Differentiated instruction: perceptions, practices and challenges of primary school teachers
This study focused on assessing the perceptions, practices and challenges of differentiated instruction by primary school teachers. The research design utilized was descriptive survey type with embedded mixed approach. Data were gathered from randomly selected 232 primary school teachers via questionnaire, semi-structured interview and focus group discussion. The reliability coefficient of the questionnaire was computed using Chronbach alpha as 0.79. Data were analyzed quantitatively using percentage, mean, standard deviation, one sample T-Test, independent samples T-Test, and One Way-ANOVA. Besides, the interview, and focus group discussion data were analyzed qualitatively. The main findings of the study were: the majority of primary school teachers did not have enough exposure to differentiated instruction and its elements and as a result they have relatively lower conceptions. Most primary school teachers were also less familiar with the main instructional strategies of differentiated instruction. Though the overall result indicated below the expected standard, comparisons made based on sex indicated that female teachers practiced differentiation better than male teachers. But in qualification (degree and diploma) and experience (in service years) statistically significant difference was not indicated. In terms of departments, Language and Mathematics department teachers performed differentiation better than Natural Science and Social Science department teachers. However, most teachers teach diversified learners in the same classroom in a form of one-size-fits-for-all approach without significantly addressing the students’ readiness, interest, and learning profile. Different factors like knowledge and experience, commitment and motivation, availability of materials/resources, availability of time, class size, range of diversity in classroom, leadership and parental support and staff collaboration were taken as augmenting or deterring factors.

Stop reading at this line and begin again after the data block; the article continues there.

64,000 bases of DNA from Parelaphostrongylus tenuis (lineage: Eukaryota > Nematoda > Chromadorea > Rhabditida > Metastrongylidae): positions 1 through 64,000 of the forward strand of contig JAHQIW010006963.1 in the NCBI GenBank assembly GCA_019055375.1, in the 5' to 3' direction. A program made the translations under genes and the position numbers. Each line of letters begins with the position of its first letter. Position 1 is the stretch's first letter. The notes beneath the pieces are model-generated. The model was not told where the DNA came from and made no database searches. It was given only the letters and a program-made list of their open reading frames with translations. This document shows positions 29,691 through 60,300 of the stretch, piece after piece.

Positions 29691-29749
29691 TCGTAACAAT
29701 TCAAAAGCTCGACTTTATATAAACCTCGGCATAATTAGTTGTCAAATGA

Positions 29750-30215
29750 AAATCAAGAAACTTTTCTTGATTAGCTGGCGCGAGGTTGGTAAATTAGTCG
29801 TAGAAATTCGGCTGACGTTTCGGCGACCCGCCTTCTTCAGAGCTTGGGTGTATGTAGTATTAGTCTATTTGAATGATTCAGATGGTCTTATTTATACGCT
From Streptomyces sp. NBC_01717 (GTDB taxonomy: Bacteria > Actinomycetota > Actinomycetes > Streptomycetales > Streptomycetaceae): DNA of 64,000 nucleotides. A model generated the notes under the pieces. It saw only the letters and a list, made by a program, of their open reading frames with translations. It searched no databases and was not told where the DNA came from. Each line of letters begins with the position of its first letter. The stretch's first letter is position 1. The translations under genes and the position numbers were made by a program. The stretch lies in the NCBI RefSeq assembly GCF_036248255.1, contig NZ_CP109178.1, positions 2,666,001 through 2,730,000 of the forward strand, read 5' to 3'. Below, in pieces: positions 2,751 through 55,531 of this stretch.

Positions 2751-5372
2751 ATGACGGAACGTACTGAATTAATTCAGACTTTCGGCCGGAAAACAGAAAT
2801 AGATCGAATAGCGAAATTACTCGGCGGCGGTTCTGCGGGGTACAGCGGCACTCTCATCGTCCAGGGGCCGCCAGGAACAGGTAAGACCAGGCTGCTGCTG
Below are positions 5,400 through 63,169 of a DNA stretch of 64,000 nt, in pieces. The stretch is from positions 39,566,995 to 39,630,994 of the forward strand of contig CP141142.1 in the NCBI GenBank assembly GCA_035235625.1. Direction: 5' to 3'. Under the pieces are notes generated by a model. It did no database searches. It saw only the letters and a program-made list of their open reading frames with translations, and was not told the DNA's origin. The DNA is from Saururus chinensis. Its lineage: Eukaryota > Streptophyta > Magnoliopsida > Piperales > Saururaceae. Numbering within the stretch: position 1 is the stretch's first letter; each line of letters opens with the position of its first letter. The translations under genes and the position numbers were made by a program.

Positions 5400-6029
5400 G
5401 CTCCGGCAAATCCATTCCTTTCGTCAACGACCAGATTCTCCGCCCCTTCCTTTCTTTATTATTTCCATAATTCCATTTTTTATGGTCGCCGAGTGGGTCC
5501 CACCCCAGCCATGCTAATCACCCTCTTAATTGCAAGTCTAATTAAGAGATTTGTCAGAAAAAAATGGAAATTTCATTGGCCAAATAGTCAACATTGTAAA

Keywords: Differentiation, diversity, differentiated instruction, content, process, instructional strategies